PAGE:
The National Retail Federation is forecasting that U.S. retail sales for 2019 will increase between 3.9 percent and 4.4 percent despite some economic cautions. Retail industry customer fulfillment and supply chain management teams should likely be preparing for another active year but with contingency planning in-place.

This week, the NRF issued its initial annual forecast for anticipated U.S. retail sales. Stating a belief that the underlying foundations of the U.S. economy remain sound, NRF CEO Matthew Shay struck a positive tone regarding retail in the coming year. His caution was that retail would continue to be strong absent “economic self-inflicted wounds” such as increased tariffs, trade tensions or government induced shutdowns.

With 2018 retail sales expected to be officially recorded by the U.S. Commerce Department in the vicinity of 4.6 percent, the 2019 forecast bandwidth of between 3.9 percent and 4.4 percent is slightly lower, but none the less indicative of a continued upturn in retail. The NRF further indicated that online and non-store retail sales grew by 10.4 percent last year to a value of $682.8 billion. That online growth number should be taken in proper context in that preliminary data from agencies such as Mastercard data had indicated that online sales grew 19.1 percent during the two month, November to December period. For retail industry sales and operations planning teams, online estimates tend to be an apples to apples comparison of specific channels, and specific time-periods. Online sales in any given period have to be reconciled to customer returns, which are often at double-digit percentage volumes.

Beyond the growth percentage reconciliation, the obvious trending points to ever increasing online shopping experiences and customer fulfillment. For the industry’s S&OP and supply chain management teams, planning for 2019 is already underway.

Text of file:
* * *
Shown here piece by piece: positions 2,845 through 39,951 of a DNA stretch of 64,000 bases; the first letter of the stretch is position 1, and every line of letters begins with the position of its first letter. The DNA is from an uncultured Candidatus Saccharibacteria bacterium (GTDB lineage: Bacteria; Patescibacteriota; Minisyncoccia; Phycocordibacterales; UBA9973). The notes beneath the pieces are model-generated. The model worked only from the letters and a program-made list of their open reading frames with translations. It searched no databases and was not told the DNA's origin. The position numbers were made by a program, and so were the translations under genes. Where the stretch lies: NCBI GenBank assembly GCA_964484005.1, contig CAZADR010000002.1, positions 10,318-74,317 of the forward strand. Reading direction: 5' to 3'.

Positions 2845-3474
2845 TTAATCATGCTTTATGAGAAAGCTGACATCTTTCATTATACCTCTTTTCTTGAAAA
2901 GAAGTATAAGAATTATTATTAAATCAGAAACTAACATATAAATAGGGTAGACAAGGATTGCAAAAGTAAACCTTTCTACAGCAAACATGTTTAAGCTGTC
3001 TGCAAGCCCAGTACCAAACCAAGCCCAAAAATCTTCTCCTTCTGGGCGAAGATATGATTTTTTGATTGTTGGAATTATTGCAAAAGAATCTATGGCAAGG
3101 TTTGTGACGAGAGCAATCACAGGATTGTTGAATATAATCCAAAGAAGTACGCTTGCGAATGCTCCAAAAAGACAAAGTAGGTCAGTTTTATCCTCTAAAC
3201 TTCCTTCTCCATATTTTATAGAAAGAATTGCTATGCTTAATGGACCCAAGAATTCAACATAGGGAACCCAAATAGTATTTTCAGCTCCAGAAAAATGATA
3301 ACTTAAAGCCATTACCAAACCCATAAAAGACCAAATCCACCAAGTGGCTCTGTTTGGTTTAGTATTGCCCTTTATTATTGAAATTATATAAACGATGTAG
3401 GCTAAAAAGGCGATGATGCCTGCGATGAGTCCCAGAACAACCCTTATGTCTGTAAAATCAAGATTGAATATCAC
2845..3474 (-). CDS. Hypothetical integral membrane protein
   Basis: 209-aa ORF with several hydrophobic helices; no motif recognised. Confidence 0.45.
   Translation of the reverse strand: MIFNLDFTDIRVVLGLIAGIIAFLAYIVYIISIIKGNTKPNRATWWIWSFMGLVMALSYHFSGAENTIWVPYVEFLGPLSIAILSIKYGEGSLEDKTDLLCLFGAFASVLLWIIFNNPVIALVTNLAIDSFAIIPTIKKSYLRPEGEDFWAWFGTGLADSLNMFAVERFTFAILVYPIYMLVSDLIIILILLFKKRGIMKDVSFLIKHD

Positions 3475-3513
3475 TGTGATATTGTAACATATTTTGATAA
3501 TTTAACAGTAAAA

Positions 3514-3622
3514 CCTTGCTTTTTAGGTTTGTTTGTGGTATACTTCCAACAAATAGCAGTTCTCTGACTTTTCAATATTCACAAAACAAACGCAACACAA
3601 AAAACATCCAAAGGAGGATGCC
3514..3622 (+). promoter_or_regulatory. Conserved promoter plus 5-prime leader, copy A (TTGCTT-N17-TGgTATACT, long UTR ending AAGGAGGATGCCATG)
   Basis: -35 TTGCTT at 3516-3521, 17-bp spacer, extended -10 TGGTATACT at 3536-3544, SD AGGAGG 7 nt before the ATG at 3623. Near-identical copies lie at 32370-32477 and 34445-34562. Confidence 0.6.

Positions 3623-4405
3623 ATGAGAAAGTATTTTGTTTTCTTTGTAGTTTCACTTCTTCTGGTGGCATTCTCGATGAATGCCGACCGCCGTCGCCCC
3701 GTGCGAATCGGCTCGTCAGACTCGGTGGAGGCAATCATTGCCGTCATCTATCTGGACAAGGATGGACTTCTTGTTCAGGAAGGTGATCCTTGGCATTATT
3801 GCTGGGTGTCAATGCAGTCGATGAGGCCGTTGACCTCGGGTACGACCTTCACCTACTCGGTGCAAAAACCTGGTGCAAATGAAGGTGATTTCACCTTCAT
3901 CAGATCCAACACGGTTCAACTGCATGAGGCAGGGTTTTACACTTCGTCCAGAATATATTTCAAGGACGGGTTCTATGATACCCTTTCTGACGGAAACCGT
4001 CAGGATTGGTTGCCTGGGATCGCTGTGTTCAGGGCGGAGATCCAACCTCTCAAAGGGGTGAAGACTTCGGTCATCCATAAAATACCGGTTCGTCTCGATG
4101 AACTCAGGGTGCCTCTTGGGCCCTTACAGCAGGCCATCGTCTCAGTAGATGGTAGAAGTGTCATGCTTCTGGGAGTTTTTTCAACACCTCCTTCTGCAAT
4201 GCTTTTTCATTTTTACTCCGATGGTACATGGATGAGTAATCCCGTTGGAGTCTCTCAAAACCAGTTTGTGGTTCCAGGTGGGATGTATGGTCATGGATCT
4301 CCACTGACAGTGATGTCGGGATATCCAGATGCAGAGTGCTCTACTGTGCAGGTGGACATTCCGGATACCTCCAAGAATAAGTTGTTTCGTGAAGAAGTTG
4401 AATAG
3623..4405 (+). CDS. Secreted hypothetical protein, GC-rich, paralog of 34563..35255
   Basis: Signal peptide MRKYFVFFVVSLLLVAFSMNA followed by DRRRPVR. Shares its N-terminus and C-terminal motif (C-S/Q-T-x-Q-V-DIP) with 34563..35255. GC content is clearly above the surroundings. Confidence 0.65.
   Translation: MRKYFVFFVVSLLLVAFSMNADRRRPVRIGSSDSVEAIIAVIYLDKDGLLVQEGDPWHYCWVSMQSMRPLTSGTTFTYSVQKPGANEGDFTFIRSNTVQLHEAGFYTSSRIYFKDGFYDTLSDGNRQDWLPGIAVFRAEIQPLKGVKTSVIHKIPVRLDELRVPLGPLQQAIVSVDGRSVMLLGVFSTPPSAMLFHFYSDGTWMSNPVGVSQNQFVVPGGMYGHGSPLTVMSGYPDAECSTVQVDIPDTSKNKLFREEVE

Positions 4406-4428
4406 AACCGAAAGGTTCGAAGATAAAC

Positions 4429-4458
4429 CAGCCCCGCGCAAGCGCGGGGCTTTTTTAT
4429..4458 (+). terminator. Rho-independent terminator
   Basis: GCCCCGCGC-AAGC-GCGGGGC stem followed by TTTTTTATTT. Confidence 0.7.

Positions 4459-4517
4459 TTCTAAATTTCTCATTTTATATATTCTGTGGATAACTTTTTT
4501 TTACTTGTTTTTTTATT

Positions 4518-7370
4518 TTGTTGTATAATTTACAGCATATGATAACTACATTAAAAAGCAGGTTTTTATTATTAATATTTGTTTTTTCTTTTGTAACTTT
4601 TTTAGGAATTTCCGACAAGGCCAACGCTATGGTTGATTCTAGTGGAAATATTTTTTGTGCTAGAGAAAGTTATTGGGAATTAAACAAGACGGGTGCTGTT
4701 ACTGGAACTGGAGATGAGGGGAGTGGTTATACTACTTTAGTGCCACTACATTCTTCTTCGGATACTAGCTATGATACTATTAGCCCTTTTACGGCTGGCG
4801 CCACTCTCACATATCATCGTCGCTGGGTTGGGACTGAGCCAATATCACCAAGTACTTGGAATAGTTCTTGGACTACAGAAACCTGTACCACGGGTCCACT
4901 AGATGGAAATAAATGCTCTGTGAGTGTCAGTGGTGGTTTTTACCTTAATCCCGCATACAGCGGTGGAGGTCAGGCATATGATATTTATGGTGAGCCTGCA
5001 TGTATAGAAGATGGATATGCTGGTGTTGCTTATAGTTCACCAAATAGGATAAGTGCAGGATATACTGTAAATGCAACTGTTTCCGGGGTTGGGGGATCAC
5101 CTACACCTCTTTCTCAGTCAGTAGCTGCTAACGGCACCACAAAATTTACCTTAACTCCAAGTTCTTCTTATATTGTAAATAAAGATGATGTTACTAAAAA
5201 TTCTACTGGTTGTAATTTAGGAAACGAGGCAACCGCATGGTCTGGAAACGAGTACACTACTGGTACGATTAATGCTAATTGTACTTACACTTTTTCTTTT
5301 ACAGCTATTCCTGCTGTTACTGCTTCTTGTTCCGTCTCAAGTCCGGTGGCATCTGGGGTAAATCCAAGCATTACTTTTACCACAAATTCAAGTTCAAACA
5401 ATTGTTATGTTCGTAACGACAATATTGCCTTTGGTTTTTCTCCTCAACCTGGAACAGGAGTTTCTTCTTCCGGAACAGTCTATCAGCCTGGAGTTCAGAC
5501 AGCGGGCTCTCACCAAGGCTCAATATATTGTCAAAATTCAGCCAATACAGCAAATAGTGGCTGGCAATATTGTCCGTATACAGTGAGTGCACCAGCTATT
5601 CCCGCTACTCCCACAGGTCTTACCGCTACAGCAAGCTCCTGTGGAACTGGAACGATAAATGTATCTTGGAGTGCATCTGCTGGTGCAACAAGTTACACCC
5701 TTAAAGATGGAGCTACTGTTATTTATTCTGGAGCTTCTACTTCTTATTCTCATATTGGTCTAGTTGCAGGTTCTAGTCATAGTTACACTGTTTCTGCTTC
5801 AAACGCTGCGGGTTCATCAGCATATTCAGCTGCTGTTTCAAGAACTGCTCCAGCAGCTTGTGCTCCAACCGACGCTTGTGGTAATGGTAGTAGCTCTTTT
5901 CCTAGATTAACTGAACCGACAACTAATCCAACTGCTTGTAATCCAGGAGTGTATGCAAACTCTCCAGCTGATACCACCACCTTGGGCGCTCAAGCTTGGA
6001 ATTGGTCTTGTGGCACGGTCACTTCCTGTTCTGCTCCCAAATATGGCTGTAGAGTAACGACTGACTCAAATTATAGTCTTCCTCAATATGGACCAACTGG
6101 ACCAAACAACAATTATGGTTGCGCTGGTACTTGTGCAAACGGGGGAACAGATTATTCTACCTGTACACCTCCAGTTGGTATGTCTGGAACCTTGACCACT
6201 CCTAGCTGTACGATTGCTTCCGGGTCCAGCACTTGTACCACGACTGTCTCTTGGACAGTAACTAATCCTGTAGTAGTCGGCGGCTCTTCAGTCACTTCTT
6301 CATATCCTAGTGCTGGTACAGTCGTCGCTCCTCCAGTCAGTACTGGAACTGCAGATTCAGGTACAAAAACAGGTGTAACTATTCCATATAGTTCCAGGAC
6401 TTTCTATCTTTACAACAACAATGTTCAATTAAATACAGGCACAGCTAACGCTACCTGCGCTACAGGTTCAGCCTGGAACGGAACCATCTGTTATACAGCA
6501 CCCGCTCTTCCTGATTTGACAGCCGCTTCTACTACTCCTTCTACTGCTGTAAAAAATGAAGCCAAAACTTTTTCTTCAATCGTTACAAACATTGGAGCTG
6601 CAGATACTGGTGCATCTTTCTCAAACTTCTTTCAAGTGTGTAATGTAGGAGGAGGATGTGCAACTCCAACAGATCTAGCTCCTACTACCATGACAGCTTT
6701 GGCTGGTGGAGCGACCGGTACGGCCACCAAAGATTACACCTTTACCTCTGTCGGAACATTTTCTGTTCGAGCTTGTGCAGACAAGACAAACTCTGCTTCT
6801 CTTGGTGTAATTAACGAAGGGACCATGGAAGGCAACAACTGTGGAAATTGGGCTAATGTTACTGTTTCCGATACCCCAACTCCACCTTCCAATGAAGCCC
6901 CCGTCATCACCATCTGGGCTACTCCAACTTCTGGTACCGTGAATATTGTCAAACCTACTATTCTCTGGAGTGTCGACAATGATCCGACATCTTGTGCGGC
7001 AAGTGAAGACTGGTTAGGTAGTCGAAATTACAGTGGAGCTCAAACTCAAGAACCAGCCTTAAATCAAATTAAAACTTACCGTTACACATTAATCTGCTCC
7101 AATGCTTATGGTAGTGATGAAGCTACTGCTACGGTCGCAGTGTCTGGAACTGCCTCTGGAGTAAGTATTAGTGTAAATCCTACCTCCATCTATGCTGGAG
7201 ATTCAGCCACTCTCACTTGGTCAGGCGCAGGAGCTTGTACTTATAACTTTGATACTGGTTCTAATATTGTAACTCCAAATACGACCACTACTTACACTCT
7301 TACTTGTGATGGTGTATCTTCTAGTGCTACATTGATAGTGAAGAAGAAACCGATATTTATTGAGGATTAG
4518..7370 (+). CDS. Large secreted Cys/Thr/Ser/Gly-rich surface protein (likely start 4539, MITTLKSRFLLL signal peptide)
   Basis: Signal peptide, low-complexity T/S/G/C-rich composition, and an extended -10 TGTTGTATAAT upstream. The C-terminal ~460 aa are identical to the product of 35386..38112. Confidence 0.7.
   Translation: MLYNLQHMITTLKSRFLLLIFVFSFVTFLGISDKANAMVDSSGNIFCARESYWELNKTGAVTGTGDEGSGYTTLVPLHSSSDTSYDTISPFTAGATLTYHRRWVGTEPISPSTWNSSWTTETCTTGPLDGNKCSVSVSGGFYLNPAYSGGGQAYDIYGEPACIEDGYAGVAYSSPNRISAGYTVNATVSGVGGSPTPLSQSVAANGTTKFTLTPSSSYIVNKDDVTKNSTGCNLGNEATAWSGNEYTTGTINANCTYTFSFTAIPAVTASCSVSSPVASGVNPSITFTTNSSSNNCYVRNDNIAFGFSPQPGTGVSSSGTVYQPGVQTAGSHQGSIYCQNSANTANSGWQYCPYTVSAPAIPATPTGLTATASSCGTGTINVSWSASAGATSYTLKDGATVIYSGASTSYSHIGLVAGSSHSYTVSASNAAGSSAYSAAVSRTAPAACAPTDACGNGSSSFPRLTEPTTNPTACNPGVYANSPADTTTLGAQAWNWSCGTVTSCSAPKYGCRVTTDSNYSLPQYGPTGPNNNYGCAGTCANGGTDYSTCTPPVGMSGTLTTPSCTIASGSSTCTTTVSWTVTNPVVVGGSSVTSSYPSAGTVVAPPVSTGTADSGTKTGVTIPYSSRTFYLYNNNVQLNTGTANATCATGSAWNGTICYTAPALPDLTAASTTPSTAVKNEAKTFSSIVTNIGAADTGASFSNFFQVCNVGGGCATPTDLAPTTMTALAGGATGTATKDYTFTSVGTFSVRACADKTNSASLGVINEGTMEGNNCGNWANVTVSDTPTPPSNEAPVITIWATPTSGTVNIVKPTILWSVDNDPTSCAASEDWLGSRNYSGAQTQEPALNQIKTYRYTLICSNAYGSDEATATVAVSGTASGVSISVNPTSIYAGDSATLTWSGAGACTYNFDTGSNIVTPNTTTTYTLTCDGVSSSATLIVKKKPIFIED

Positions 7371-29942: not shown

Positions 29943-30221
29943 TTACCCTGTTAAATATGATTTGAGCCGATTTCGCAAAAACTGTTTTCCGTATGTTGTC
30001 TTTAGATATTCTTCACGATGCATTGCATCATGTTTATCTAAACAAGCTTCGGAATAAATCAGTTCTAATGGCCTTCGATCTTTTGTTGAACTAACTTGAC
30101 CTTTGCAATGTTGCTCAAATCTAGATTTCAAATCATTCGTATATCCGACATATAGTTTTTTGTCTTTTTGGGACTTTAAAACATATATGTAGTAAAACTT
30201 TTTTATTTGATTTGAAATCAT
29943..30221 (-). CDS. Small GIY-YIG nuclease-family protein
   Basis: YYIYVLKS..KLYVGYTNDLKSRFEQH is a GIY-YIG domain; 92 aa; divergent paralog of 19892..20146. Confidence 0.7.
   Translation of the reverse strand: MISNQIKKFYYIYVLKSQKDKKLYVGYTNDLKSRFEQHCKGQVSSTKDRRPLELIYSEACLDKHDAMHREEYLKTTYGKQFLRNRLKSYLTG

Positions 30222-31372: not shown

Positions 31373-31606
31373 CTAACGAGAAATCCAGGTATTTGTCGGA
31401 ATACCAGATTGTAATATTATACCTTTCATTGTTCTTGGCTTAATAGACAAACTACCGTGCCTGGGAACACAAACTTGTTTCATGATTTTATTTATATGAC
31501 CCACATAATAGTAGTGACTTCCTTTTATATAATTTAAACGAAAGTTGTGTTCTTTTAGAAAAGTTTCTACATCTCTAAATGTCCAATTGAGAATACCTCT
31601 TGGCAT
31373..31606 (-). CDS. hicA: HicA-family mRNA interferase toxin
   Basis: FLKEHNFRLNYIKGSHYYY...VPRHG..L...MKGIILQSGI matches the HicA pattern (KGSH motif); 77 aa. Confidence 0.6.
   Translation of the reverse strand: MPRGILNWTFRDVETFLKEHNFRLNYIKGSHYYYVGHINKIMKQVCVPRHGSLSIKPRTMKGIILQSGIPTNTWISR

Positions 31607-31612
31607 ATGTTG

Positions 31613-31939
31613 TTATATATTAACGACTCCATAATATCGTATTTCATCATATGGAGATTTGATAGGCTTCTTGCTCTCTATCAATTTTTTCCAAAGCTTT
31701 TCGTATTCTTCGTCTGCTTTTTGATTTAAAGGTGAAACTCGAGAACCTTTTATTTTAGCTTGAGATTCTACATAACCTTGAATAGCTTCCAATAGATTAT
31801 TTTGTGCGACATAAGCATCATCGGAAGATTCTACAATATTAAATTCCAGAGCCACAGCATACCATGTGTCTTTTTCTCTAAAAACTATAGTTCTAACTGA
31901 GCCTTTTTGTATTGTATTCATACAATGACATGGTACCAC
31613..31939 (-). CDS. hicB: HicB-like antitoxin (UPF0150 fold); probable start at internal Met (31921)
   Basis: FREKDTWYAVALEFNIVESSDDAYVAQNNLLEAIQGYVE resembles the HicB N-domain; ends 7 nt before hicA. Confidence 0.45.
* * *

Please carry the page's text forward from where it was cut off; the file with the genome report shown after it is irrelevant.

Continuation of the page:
One of the more important challenges will be the planning of inventory purchases over the coming months. Retail teams were fairly adroit in pushing-forward holiday season inventory purchases to avoid the imposition of U.S. tariffs on certain products that went into effect at the latter stages of 2018. The end-result was warehouses packed with inventory, and for the most part, a rather successful holiday performance from revenue and profitability perspectives. Now, tougher decisions are ahead.

The threat of a new, and wider scope impact of tariffs on consumer goods looms on March 1st if U.S. and Chinese negotiators cannot come to agreement. Spring and summer inventory decisions will have to be determined based on various scenarios related to existing inventory, the state of existing sourcing, or any plans for additional international or domestic sourcing. Some retailers are seeking price concessions from Chinese based suppliers, likely with mixed results.

For globally based omni-channel retailers, some retail market forecasts are likely to be more muted. As an example, retailers across the United Kingdom experience their worst Christmas season in a decade primarily driven by consumer confidence and the threat of Brexit. Price discounting did nor help. There are mixed viewpoints on this year’s retail growth across China given the ongoing economic slowdown. Online retailer Alibaba is optimistic about consumer spending in certain categories while other retailers like Apple have experienced a different experience.  A lot will depend of solid customer intelligence, merchandising and inventory management.

Investments on enhanced online customer fulfillment, higher levels of end-to-end supply chain supply network visibility and multi-channel consolidated inventory management  paid dividends for some retailers last year.  Others will need to similarly invest.

Logistics capabilities loom large, including buffering the explosion of rising surface transportation costs that occurred last year. Decisions related to either continued contracting with third-party logistics or taking on more in-house transportation management utilizing today’s more sophisticated auto brokering and load matching capabilities are yet a further consideration. So are investments in enhanced productivity such as in-store and fulfillment center robotics.

The prime takeaway from 2018 was that retailers who were able to plan well, invest in needed advanced supply chain management supply and demand network process capabilities performed well in the new model of Omni-channel retail.

Planning for 2019, from our lens, takes on a similar perspective.

Be prepared and think bold.


Bob Ferrari

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